EU clean oil product imports up 18.3% y/y on increased Asian volumes  

Excluding intra-EU trade, the European Union’s average monthly clean oil product imports amounted to 10.0 million tonnes in 2019 but declined to 9.3 million tonnes in 2020 and 2021. Due to the high import volumes in July to October, the 2022 year-to-date average monthly volumes have reached 10.3 million tonnes, exceeding 2019 volumes.  

Latest early February 2023, the EU will need to have found new suppliers for nearly 35% of its clean oil product import volumes as the bloc’s sanctions against Russian oil take effect. Russia, on the other hand, must attempt to find new buyers for approximately 60% of their exports.  

Despite the upcoming sanctions, the EU’s average monthly imports from Russia have year-to-date reached 3.5 million tonnes and increased 10.3% over last year. However, during September and October, the average monthly Russia to EU volumes reduced to 3.0 million tonnes although total EU import volumes increased to 11.0 and 11.8 million tonnes in September and October respectively.  

The increase in clean oil product imports from Asia to the EU have more than replaced lost volumes from Russia. The volumes from Asia to the EU have increased since July and in October hit 4.4 million tonnes, up from the recent monthly average of 2.1 million tonnes. Asia has therefore been the main supplier of the EU’s clean oil product imports since September, overtaking Russia.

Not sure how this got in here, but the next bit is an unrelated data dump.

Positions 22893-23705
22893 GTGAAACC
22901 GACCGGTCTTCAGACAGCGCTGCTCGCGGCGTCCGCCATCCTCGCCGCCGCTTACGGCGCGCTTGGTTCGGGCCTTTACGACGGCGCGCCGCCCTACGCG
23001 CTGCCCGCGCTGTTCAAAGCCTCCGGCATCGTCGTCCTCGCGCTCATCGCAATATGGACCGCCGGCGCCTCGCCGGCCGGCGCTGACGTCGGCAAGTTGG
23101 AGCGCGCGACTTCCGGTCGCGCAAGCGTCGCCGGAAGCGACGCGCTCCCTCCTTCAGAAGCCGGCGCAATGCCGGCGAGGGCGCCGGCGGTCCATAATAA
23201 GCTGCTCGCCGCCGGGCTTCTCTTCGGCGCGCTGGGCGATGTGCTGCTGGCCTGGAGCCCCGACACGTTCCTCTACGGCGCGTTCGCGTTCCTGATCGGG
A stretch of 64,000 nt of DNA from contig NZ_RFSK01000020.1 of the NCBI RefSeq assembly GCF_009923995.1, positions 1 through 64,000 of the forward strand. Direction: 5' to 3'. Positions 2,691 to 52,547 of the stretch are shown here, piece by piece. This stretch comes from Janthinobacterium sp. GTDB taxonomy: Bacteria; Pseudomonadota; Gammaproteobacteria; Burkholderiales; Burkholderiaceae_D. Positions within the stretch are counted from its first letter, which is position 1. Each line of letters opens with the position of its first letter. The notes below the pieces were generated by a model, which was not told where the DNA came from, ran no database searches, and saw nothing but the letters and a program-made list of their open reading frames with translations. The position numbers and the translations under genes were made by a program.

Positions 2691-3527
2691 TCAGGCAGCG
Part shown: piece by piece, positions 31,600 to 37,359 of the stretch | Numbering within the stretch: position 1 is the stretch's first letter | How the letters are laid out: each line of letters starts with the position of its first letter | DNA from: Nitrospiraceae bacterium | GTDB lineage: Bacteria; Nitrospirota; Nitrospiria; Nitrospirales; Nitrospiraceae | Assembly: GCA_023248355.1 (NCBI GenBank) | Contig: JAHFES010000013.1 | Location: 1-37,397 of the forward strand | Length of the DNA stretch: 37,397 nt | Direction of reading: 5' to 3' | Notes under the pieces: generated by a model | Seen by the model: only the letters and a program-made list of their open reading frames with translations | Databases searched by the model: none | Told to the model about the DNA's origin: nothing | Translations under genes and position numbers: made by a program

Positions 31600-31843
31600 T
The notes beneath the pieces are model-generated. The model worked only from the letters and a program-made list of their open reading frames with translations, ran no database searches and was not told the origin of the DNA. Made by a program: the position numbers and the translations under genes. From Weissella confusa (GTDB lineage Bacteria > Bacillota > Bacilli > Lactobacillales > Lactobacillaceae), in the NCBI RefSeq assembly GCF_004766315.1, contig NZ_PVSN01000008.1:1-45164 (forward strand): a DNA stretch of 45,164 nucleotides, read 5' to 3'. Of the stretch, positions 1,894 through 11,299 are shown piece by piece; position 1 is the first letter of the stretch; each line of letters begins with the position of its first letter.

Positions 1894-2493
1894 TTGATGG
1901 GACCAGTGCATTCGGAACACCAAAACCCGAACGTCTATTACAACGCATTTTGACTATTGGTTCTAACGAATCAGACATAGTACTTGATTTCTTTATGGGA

While Russia remains the single largest supplier of clean oil products to the EU, it appears that buyers in the EU have already begun the process of finding new suppliers. So far, Saudi Arabia has delivered most of the increase in Asian volumes, but India, China, and South Korea are also contributing.  

As mentioned in our Shipping Number of the Week in week 40, the newly increased export quota for Chinese refineries should increase availability of clean oil products in Asia. Reacting to the new export quotas, China’s crude oil imports rose 30% m/m and 24% y/y in October, hitting the highest level since July 2020.  

As the remaining clean oil product volumes from Russia to the EU are replaced, average haul for product tankers into the EU will continue to increase. The muted 2023 growth prospects for the global economy, and particularly the EU, will weigh on demand but as effective capacity supply growth will be very minimal (and possibly negative), we still expect further improvement in trading conditions for product tankers.  



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